Do Gerbils Need Hay? {How Much & What Kind?}

Maybe you are already buying plenty of treats for your gerbils and wonder, do gerbils need hay? 

Perhaps you have some friends who are giving their gerbils hay and wonder if you should do the same?

You may be trying to sort through all the information on the web and wonder if you should add some hay to your gerbil’s diet. Let’s look through this much more simply together. 

Do Gerbils Need Hay? 

No. Gerbils do not need hay for food.   They will chew on hay as a way to sharpen their teeth.  Because gerbils can burrow underneath the hay, it makes an ideal addition to whatever bedding you use. 

Some people assume that all small rodents have similar nutritional requirements.  If a guinea pig needs hay, wouldn’t a gerbil need hay? However, that is not true. 

We’re going to dig into why gerbils don’t need hay but how they can benefit from it.  If you decide you want to buy some hay for them, we will let you know which kinds are ideal for your cute gerbils. 


Gerbils Do Not Need Hay. 

Gerbils are descendants of animals that lived in habitats where grass was not plentiful.  When describing a gerbil’s diet,  Susan Brown, DVM, writes that you should “leave a small amount of grass hay in the cage.” 

If you want to feed your gerbils what they would have eaten in the wild, you will need to hunt up some saltwort, bristle grass, or lyme grass.

As long as you are providing your gerbil with healthy, well-balanced foods (more about that in a bit), you never have to give them any hay.  

How Can Hay Benefit Gerbils?

Just because we don’t need something doesn’t mean we can’t have it.  The same is true for gerbils. Although they don’t need hay, it does provide several benefits.  

Gerbils, like all rodents, have front teeth (incisors) that never stop growing.  These are called open-rooted teeth, and they continuously grow more tooth tissue.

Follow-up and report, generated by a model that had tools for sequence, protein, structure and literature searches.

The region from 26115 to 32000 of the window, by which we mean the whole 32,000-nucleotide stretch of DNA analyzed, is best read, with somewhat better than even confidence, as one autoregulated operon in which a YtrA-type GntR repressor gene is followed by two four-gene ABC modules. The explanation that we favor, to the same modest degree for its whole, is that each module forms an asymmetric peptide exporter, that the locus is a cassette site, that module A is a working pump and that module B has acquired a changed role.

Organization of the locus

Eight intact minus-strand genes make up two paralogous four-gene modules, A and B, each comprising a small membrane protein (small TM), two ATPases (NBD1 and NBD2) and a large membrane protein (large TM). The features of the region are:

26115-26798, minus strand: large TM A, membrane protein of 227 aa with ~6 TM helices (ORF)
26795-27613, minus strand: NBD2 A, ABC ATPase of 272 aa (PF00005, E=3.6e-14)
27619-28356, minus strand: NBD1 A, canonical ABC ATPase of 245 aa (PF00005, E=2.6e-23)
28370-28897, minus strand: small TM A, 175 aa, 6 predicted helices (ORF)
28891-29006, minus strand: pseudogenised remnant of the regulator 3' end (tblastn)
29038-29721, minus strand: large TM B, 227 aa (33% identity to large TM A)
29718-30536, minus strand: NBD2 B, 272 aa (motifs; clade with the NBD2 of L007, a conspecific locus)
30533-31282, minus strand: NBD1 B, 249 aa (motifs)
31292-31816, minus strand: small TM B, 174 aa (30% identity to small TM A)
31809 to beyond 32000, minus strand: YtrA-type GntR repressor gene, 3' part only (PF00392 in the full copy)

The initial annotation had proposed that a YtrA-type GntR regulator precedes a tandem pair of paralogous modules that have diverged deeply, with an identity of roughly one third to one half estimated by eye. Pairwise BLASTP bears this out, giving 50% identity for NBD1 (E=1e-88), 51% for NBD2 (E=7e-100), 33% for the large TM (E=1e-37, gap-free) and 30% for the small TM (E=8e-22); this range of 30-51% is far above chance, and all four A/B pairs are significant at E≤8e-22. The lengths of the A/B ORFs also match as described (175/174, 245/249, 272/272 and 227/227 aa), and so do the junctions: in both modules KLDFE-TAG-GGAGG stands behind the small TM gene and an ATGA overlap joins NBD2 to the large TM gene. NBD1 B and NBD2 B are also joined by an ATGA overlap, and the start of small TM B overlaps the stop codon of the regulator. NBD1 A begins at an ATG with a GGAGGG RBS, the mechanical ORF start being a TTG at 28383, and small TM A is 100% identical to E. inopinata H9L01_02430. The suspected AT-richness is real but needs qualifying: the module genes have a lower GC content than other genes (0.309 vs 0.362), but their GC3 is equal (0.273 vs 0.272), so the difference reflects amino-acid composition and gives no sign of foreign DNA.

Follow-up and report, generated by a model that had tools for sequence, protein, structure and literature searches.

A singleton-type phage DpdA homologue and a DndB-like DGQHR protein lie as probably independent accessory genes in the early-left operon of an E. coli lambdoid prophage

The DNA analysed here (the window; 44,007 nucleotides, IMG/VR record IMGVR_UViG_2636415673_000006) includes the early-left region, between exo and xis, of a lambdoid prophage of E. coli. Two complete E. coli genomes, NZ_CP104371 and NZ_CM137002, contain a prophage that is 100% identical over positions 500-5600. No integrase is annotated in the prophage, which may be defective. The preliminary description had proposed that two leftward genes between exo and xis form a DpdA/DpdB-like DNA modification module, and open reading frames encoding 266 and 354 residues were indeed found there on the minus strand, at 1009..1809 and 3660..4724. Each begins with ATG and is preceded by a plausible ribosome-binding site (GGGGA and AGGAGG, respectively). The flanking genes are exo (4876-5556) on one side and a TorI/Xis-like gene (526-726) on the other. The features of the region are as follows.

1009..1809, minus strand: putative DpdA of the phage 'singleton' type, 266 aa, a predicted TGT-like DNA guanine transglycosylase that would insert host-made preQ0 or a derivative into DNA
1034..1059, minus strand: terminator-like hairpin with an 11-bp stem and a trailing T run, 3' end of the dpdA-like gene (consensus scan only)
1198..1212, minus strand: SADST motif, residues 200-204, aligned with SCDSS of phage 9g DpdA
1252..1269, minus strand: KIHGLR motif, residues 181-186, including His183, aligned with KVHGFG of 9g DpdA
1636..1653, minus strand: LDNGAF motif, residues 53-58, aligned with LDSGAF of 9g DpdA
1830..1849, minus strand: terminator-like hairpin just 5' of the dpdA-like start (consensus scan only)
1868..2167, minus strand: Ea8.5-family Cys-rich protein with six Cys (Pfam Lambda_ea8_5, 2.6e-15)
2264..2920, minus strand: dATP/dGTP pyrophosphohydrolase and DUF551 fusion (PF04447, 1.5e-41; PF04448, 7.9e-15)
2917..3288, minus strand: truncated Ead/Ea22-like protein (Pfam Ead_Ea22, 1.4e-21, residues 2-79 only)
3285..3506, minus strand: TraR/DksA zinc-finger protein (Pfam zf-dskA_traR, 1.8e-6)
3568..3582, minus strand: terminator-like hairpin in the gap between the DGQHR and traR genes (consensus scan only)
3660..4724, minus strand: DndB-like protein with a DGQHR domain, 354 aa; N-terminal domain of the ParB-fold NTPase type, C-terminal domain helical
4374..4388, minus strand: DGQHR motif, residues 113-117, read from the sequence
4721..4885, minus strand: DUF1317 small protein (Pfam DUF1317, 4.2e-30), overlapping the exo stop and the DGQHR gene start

We use nail trimmers to keep our nails short, but gerbils chew on hard things to keep their teeth from becoming overgrown. 

If they have nothing to chew on, then their teeth will overgrow, resulting in painful eating, or gum or mouth damage, including teeth that grow through their jaws. 

If you watch gerbils interact with hay, you will see that they spend most of their time chewing it into smaller bits.

Consider the following for your gerbil to chew:

  • Paper towel or toilet paper rolls
  • Cardboard
  • Manilla folders 
  • Paper lunch bags
  • Untreated wood (but not pine or cedar)
  • Wicker
  • Hay and other natural grasses
  • Gerbil food mixes

When picking paper products, avoid those with ink, and avoid wood products that contain glue (like corrugated cardboard or particleboard).

Avoid plastic as well. I have a story to tell about it in another informative gerbil article. 

Gerbil Not Chewing Hay

If your gerbil is not chewing on hay or other chewy items, then you need to investigate why.  One reason could be it has some sort of dental disease.

If your gerbil is suffering from dental disease, you might observe some of these:

  • Selection of soft food over something harder to chew
  • Loss of appetite
  • Weight loss
  • Drooling

Should you see any of these signs, find a vet who specializes in small animals.  Attempting to trim your gerbil’s teeth will be painful and could worsen dental problems.

The good news, according to Heidi L. Hoefer, DVM, is that gerbils rarely have dental issues, as long they have plenty of opportunities to chew. 

Along with the perennial cardboard and chewy snacks, hay is something else for them to grind their teeth on.

Hay Bedding For Gerbils

Gerbils love to dig and burrow.  They had plenty of practice doing so in sandy environments, so it is as natural to them as breathing.  If you are going to have a gerbil, you will need bedding and lots of it.

Two to three inches is the recommended amount, and you can include shredded paper (but not the waxy kind), cardboard tubes, paper towels, shredded hardwoods like Aspen, and hay.  The hay becomes something else to dig under.  

Gerbils might munch on the hay a little, but if you observe them, you will see that they are primarily cutting it into smaller pieces.